Which is simply what we are claiming in this particular situation.

And combinations and conspiracies to restrain interstate commerce, or to monopolize any part of it, are none the less within the reach of the Antitrust Act



because the conspirators seek to attain their ends by means of intrastate activities.

In that connection citing the Coronado Coal case.

In other words, it clearly states that where, in the necessary regulation of interstate commerce, it is necessary to go beyond to the intrastate commerce under certain conditions, that can be done.

Continuing with the reading of the decision:

In determining how far the Federal Government may go in controlling intrastate transactions upon the ground that they “affect” interstate commerce, there is a necessary and well-established distinction between direct and indirect effects. The precise line can be drawn only as individual cases arise, but the distinction is clear in principle.

In other words, we rely upon the situation that intrastate traffic in coal must bear directly upon the interstate coal, as in the example of the river which I gave, the direct burden of interference with the flow of commerce as against the indirect.

But where the effect of intrastate transactions upon interstate commerce is merely indirect, such transactions remain within the domain of State power. and there are plenty of examples of that.

Again quoting from the decision:

The distinction between direct and indirect effects has been clearly recognized in the application of the Antitrust Act. citing a number of cases. Again:

The distinction between direct and indirect effects on intrastate transactions upon interstate commerce must be recognized as a fundamental one, essential to the maintenance of our constitutional system.

We are of the opinion that the attempt through the provisions of the code to fix the hours and wages of employees of defendants in their intrastate business was not a valid exercise of Federal power.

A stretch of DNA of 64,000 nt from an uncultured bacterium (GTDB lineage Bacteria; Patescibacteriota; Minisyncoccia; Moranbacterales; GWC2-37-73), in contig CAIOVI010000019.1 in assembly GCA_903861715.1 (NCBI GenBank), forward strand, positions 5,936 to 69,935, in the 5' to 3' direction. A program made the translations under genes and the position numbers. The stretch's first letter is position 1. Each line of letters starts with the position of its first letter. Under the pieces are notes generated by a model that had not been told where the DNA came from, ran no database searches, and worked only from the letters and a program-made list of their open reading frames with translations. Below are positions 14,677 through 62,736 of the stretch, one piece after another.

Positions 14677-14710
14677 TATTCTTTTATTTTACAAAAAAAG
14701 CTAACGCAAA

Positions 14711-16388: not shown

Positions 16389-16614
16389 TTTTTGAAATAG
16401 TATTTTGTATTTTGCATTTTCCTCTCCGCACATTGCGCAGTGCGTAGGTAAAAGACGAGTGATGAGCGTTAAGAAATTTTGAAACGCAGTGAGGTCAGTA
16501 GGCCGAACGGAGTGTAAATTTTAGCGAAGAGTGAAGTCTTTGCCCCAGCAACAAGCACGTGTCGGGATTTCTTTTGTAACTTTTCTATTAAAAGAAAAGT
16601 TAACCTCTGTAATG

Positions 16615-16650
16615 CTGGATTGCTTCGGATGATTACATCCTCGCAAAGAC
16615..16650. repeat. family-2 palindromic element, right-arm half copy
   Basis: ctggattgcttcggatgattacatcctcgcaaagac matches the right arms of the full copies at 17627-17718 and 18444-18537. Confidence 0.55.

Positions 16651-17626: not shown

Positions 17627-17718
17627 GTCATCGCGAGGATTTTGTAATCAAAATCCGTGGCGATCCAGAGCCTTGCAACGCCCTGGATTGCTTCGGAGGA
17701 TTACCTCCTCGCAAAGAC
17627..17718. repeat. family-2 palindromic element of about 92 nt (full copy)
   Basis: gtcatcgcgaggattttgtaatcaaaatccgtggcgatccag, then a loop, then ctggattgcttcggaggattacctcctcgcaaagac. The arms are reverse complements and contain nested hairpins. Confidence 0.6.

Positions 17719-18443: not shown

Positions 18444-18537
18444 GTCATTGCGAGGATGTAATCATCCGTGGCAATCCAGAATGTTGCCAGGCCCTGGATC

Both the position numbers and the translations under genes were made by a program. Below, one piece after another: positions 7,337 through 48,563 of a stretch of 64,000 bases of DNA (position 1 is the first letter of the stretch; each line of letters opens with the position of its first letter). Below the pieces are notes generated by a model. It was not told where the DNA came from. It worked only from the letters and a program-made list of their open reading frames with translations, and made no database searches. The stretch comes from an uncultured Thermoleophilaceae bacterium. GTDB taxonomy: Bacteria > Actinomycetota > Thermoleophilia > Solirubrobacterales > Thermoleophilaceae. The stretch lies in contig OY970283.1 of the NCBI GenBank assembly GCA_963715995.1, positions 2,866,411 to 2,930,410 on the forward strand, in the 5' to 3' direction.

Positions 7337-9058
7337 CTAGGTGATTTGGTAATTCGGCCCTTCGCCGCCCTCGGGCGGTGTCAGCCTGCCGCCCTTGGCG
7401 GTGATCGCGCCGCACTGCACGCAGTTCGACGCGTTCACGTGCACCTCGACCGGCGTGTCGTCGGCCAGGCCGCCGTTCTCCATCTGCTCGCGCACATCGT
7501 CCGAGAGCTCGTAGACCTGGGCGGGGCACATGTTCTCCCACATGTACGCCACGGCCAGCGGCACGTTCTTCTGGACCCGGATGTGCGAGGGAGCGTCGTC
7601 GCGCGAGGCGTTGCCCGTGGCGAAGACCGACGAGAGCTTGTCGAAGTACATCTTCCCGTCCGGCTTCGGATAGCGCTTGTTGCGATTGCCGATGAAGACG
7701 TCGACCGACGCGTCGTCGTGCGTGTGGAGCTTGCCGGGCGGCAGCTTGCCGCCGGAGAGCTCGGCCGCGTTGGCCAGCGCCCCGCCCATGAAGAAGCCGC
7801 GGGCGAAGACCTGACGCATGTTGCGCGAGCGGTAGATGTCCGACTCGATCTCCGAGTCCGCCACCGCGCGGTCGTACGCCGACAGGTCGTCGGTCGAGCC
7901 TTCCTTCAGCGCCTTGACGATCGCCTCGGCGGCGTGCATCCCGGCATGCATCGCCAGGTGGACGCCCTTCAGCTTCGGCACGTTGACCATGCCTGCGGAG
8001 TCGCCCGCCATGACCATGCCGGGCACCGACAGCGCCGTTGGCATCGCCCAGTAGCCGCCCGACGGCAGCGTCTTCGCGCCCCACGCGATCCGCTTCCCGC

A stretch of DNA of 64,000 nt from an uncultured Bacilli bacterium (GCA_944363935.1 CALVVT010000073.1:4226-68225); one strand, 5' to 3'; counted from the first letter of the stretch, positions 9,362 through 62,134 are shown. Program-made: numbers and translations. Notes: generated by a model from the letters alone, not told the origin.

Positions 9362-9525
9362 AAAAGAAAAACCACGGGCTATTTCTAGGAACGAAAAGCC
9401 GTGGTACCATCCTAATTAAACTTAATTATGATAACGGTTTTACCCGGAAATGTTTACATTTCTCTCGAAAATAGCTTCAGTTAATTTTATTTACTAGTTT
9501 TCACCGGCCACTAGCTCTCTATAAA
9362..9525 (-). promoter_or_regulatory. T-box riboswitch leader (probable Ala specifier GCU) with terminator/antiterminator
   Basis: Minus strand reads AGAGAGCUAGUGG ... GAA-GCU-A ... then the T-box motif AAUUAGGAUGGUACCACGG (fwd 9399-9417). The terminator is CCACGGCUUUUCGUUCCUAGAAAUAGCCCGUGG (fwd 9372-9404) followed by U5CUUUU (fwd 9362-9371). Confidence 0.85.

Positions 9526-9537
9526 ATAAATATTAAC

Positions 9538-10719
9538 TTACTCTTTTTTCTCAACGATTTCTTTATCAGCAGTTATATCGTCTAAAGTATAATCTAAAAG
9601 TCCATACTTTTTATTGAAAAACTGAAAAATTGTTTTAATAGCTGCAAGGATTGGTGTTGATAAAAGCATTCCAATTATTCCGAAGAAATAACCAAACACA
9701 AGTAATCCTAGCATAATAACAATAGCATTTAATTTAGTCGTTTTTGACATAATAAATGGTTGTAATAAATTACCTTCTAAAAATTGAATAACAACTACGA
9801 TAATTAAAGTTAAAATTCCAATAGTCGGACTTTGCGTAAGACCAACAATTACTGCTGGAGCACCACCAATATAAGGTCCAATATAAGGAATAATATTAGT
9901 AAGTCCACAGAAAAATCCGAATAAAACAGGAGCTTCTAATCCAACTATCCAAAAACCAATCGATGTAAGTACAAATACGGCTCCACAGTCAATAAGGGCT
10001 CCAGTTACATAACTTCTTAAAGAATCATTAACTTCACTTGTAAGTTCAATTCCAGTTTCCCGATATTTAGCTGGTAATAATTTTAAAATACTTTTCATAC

The court had just a wonderful chance there if it felt that under no circumstances should wages, hours, and conditions of employment within a State be subject to governmental regulation. It just had a wonderful opportunity there to say that no attempt to fix the hours and wages of employees, or conditions, in their intrastate business, was a valid exercise, but it did not do that. It says that in this particular case in their intrastate business, which the court had previously stated was entirely intrastate, the action with reference to that individual, particular case was not valid, but not controlling in the case of bituminous coal.

Mr. Jenkins. It seems to me that the constitutionality of this, if tested, will come up on this kind of a case, where a coal man sells his coal in a small area and sells to nobody but intrastate people; maybe he sells to one dealer exclusively all his coal. In that kind of a case you would have the production, transportation, and consumption all in one State beyond any question. Then what would be the decision?

Mr. ESSINGTON. If that particular situation cannot be controlled under this bill, the entire act falls of its own weight.

May I illustrate that in this way: